There are two types of landforms; (i) erosional landforms, and (ii) depositional landforms. Landforms resulting from erosional activities of different erosional agents, like water, glaciers, and wind are known as “erosional landforms”, while the landforms coming into existence as a result of deposition of material are known as “depositional landforms”. See “erosional landformds”.

Depositional Landforms

The evident landforms resulted from the deposition of sediments or rocks after they had been transported by the flowing water, ice, wind, or gravity. Beaches, deltas, sand dunes, and glacial moraines are good examples of depositional landforms. Some landforms are younger and caused by a recent and currently continuing agent. These new landforms may easily change their form over a short period of time. While on the other hand, there are older landforms, which are the remnants of processes that were completed over a period of millions of years. Some common depositional landforms are as follows;

Alluvial Fans

The alluvial material which flows down from mountains, accumulates at foot hills where the stream enters a plain. The deposition occurs due to abrupt changes in the gradient of the river valley. Such deposits spread out in the shape of flat fans, and are called “alluvial fans”. Usually, the course material is dropped near the base of the slope, while finer material is carried further out on the plain. Alluvial fans from various adjacent streams along a mountain may merge to form a long wedge of sediment called “alluvial aprons”.

Depositional Landforms
Alluvial Fan

Flood Plains

During floods, a river overflows its bank and submerges the adjacent low-lying areas where deposition of alluvial material takes place. A wide belt of alluvial plains formed in this way on either side of a stream is called “flood plains”. It is so named because the floodplains get submerged only when a river overflows its bank at flood stages.


Natural Levees

“Natural Levees” are the low ridges, which are formed on both sides of river channels by the accumulation of sediments. They tend to confine the flow of river water into its channel between flood stages. The natural levees occur in rivers which have broad flood plains. During floods, the river overflows its banks and its velocity decreases rapidly. As a result, most of the coarse sediment is deposited along the areas bordering the river channel, and finer sediments are deposited more widely over the floodplain. In this way, successive floods build up ridges on both sides of a river channel, which are (in geology) called “natural levees”. The natural levees of the lower Mississippi River rise 6 meters above the valley floor.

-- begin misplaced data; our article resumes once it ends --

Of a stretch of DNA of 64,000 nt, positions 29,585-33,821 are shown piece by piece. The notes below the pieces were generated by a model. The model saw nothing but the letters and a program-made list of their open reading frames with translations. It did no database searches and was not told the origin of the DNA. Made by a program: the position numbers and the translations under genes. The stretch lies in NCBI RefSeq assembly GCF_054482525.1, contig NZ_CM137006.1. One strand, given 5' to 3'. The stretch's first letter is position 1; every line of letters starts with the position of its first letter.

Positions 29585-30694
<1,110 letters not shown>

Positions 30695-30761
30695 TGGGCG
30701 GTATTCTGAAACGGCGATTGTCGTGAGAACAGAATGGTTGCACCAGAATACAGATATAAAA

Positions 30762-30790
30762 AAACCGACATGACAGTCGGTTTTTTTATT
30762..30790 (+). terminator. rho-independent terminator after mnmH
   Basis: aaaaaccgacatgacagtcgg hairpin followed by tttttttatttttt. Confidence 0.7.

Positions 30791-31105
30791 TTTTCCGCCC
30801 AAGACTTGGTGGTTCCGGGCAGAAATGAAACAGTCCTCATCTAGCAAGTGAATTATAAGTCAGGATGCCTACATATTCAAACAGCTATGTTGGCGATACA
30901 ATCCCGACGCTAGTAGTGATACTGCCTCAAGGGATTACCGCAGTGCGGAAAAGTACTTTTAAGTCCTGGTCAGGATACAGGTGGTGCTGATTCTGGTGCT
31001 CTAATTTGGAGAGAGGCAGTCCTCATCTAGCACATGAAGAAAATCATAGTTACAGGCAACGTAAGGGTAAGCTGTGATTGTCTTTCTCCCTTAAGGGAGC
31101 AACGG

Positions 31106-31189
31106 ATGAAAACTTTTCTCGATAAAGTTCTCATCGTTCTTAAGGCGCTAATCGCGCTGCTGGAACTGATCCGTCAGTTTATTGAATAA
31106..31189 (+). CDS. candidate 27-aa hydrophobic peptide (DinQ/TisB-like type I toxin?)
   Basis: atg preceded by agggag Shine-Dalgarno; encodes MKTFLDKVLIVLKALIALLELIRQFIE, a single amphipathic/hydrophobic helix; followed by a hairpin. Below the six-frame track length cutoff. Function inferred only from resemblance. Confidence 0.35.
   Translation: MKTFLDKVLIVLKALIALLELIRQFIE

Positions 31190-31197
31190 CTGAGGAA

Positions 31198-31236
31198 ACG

Depositional Landform
Natural Leeves

The area behind the levees is poorly drained as water can not flow up the levees to join the river. The marshes thus formed, are called “back swamps”. A tributary stream often has to flow parallel to the mainstream until it can breach the levee. Such streams are called “Yazoo Tributaries”.

Point Bars

In meandering rivers, sediment deposits occur as point bars. The “point bars” are the crescent-shaped deposits, which occur at the inside bends of a river channel.

Depositional Landforms
Point Bars


“Deltas” are deposits built at the mouths of streams. The deltas are usually triangular in shape with their apex pointed upstrea. When a stream enters an ocean or lake, the currents of the flowing water dissipate quickly. This results in the deposition of series of sedimentary layers which make up the deltas. The material of most deltas is well sorted and many deltas are uniformly graded. The structure of a delta deposit is shown in the following image. It consists of three sets of beds: (i) bottom-set beds, (ii) foreset beds, and (iii) top-set beds.

  1. Bottom-set Beds: The thin horizontal beds, which overlie the ocean bottom are called “bottom-set beds”. They are mainly composed of fine-grained sediments, such as silts and clays.
  2. Foreset Beds: Foreset beds begin to form prior to the accumulation of bottom-set beds. These beds are composed of coarse sediment, which is dropped almost immediately when a river enters a lake or ocean. The foreset beds appear similar to crossbedding and their angle of slopes varies from 12° to 32° depending on the grain size of the material.
  3. Topset Beds: Foreset beds are covered by thin nearly horizontal top-set beds. These beds occupy the upper surface of the delta. They are composed of a mixture of coarse and fine materials.

Major rivers, such as the Ganges-Brahmaputra, form large deltas thousands of square kilometres in area. On large deltas, the main channel of the river divides to form several smaller branches, called “distributaries”. They discharge water in various paths to the sea.

Sand Dunes

The strong action of wind generally deposits sand in the form of mounds. These sand mounds are known as “Sand Dunes”. The sand travelling as a bed load in the wind accumulates wherever it meets any obstruction, such as a boulder or a bush. As the accumulation of sand grows, it traps even more sand. In this manner, dunes are created. Sand dunes have a gentle slope (5° – 15°) on the windward side and a steeper slope (20° – 30°) on the lee side. The height of sand dunes depends on the wind speed and the size of sand grains. Dunes of 30 meters in height are very common all through the globe. The sand dunes migrate slowly in the direction of wind movement. In some cases, they move as much as 20 meters per year. The migrating sand dunes may advance and cover farmland, erode cultivated lands, abrade crops, cover roads/railway tracks, etc. Sand dunes can be considered as a natural hazard. Their movement can be checked by planting vegetation.

Read about the Types of the Sand Dunes

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